Healthy Eating

A healthy diet helps pave the way to a healthy heart and blood vessels, strong bones and muscles, a sharp mind, and so much more.

Confused about what constitutes a healthy diet? You aren't alone. Over the years, what seemed to be flip flops from medical research combined with the flood of diet books and diet plans based on little or no science have muddied the water. But a consensus has emerged about the basics, which are really pretty simple.

An important take-home message is to focus on the types of foods you eat and your overall dietary pattern, instead of on individual nutrients such as fat, dietary cholesterol, or specific vitamins. There are no single nutrients or vitamins that can make you healthy. Instead, there is a short list of key food types that together can dramatically reduce your risk for heart disease.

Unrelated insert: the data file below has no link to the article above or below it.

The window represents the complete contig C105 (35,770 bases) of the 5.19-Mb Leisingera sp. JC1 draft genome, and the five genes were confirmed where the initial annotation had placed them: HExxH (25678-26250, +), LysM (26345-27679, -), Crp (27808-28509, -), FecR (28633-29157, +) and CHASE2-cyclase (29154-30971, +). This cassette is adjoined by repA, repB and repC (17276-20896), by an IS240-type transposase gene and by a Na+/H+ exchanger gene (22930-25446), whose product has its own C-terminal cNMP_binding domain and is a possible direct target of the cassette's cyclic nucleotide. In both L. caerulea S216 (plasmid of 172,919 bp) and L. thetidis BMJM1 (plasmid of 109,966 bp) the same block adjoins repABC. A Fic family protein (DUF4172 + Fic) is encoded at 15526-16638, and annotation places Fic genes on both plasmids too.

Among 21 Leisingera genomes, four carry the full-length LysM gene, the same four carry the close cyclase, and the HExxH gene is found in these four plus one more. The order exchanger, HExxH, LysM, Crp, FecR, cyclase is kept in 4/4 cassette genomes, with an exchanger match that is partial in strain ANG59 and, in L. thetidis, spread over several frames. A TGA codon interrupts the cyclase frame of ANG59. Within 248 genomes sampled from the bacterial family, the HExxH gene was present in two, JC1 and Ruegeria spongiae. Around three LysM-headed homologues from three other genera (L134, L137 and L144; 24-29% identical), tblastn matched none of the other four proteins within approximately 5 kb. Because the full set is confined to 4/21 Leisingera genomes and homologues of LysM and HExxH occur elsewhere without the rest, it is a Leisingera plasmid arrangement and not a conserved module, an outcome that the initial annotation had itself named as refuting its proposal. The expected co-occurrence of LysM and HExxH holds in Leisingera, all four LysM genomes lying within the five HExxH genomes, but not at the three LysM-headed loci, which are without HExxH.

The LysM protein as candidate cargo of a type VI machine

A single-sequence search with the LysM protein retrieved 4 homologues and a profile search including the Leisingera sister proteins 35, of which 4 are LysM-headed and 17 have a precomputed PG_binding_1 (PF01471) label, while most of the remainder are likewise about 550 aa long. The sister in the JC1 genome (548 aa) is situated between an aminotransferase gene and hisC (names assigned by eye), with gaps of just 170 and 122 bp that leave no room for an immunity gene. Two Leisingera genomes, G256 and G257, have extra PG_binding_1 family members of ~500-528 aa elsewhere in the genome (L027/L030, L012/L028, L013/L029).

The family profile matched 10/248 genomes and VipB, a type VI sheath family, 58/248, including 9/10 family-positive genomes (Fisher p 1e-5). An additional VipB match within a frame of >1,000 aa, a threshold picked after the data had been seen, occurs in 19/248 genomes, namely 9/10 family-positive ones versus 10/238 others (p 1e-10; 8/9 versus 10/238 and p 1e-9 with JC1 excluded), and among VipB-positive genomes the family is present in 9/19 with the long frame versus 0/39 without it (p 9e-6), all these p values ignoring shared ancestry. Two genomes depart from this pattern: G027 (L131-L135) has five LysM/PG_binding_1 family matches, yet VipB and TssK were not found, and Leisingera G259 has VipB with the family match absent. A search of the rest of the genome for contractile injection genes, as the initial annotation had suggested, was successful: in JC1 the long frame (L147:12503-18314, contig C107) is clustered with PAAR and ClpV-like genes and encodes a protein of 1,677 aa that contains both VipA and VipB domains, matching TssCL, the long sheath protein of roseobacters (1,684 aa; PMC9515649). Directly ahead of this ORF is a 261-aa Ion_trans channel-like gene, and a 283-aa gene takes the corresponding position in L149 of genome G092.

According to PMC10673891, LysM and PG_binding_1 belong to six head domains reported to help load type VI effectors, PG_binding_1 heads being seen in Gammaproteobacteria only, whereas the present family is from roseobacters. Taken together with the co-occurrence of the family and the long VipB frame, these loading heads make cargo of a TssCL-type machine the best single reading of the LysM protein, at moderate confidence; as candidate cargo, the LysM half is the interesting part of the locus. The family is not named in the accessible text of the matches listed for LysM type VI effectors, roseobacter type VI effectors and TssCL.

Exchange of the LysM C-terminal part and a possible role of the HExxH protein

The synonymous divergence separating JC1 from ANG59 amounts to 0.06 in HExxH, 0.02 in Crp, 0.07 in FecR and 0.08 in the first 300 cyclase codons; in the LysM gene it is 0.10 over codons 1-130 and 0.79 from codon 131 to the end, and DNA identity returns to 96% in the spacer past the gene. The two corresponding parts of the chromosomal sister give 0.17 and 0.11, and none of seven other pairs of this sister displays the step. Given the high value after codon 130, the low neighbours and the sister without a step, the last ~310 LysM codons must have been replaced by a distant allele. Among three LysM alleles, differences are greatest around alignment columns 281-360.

Eat more of these foods: fruits and vegetables, whole grains, fish and seafood, vegetable oils, beans, nuts, and seeds.

Eat less of these foods: whole milk and other full-fat dairy foods, red meat, processed meats, highly refined and processed grains and sugars, and sugary drinks.

Healthy Eating Articles

Getting out the gluten

Doctors are diagnosing more cases of celiac disease, leading to an increased interest in gluten-free foods, although not everyone who has difficulty digesting gluten has celiac disease. More »

How much water do I need to drink?

Download video. If you are unsure how much water is enough or even too much, Dr. Julia Silver is here with myths and facts about hydration. Find out how much water you really need for good health. (Locked) More »

Follow The Fertility Diet?